• Product research — Many times, your patients want to know where to purchase a particular dental product. If you happen to live in an area where purchasing unique dental products is a challenge, the Internet makes locating these items a breeze! For product supplement research, I like to visit www.consumerlab.com. There is a $25 a year fee, but it is worth the investment.
• Market research — Sometimes my patients give me ideas about wellness, or sometimes I find ideas on Web sites. I've researched and discussed with the dentist the advantages of implementing a new dental hygiene wellness service. This not only keeps me interested and challenged in my profession, but will also add value to the dentist's practice. Added value means increased customer satisfaction.
• Office Web site advertising — Increasing business is always a plus for a dentist. Establishing a Web presence is a must for shoppers. You can list all of your dental hygiene services on your Web site. Most dental consumers' perception of dental hygiene are superficial. Listing all of the wellness services you provide will increase your worth as a practitioner.
• Ordering online 24/7; access to supply reps — Nearly all of your dental hygiene ordering will be done via the Internet in the future. We are just now starting to see this happen. It will be slow in the beginning, but once the ease of this program catches on, most dental hygienists will opt for this method. We will no longer have to "guess" whether a product was ordered.
• Wellness information — Right now we are beginning to hear about how general health ties into dental health. This is very exciting! The wellness community is booming, and there are many Web sites your patients are visiting.
Taking the time to learn more about this wellness revolution and incorporating it into your practice will increase your value as a dental hygienist. For example, if your patients are taking herbs, it would be good to research the herbs on the Internet. The areas to research are limitless, so it is fun to explore. An interesting site I just discovered for future health care discussions is www.healthtransformation.net.
It is important to stay up to date on the latest health care issues and how they will affect our patients and our profession.Hy-Tech user tips ...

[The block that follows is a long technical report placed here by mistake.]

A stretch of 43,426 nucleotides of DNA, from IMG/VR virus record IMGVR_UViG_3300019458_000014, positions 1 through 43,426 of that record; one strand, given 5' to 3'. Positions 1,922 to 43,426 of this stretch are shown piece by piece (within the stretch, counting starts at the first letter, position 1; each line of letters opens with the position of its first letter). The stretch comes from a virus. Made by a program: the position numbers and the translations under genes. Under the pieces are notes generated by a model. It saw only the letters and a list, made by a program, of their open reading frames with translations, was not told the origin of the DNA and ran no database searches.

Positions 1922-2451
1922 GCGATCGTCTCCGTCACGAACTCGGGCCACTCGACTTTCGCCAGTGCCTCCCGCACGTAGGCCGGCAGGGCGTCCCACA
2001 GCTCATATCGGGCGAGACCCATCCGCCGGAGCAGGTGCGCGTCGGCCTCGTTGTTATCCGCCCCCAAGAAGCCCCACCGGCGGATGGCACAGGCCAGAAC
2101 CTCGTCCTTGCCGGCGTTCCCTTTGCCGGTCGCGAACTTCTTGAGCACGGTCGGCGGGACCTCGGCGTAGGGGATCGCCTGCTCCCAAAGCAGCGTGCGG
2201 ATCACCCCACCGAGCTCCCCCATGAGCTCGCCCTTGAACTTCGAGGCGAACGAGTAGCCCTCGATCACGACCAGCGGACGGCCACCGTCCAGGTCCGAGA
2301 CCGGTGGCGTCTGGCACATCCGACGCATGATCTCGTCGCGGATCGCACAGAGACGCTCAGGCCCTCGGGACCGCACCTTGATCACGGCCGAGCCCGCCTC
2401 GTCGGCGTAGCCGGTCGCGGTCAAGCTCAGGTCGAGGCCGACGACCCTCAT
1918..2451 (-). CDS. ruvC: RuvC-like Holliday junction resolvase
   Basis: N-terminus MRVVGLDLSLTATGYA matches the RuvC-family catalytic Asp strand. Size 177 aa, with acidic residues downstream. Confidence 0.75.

for online access
• "Google it" to access information.
• Use your printer often for handy patient tips.
• Have pre-printed patient Web site handouts available.
• Bookmark and organize your favorites into folders.
• Launch the Internet at the beginning of the morning and minimize the screen to the bottom of your desktop.
• Put your email address on your office business card.
• Use the Internet as a library.
• Check and see what is new on dental industry Web sites once a week.
Any technology has its hiccups, but I have found only a few problems since going online in my operatory:
• Connection failure when I need to log onto the Internet.
• Office connection is dial-up.
• Getting disconnected in the middle of Internet usage with a patient.
• Unable to find information quickly while a patient is in my chair.
• Instant access to an array of knowledge during a patient appointment.
• Printing off Web site information for patients to take home.
• No longer the perception that you are practicing alone because you are connected to thousands of your peers.
• Empowerment as a dental hygiene practitioner to expand horizons.
• Educate the consumer on the role of a dental hygienist.
• Your patients can access you 24/7 via email.
Victoria DaCosta, RDH, BS, is founder and president of Hy-Tech Solutions. A practicing dental hygienist for 17 years, DaCosta is a speaker, author, consultant, and an expert in the design of medical/dental software. She is also on the new technologies committee for the California Dental Hygienists' Association. DaCosta can be contacted at contact victoria at [email protected].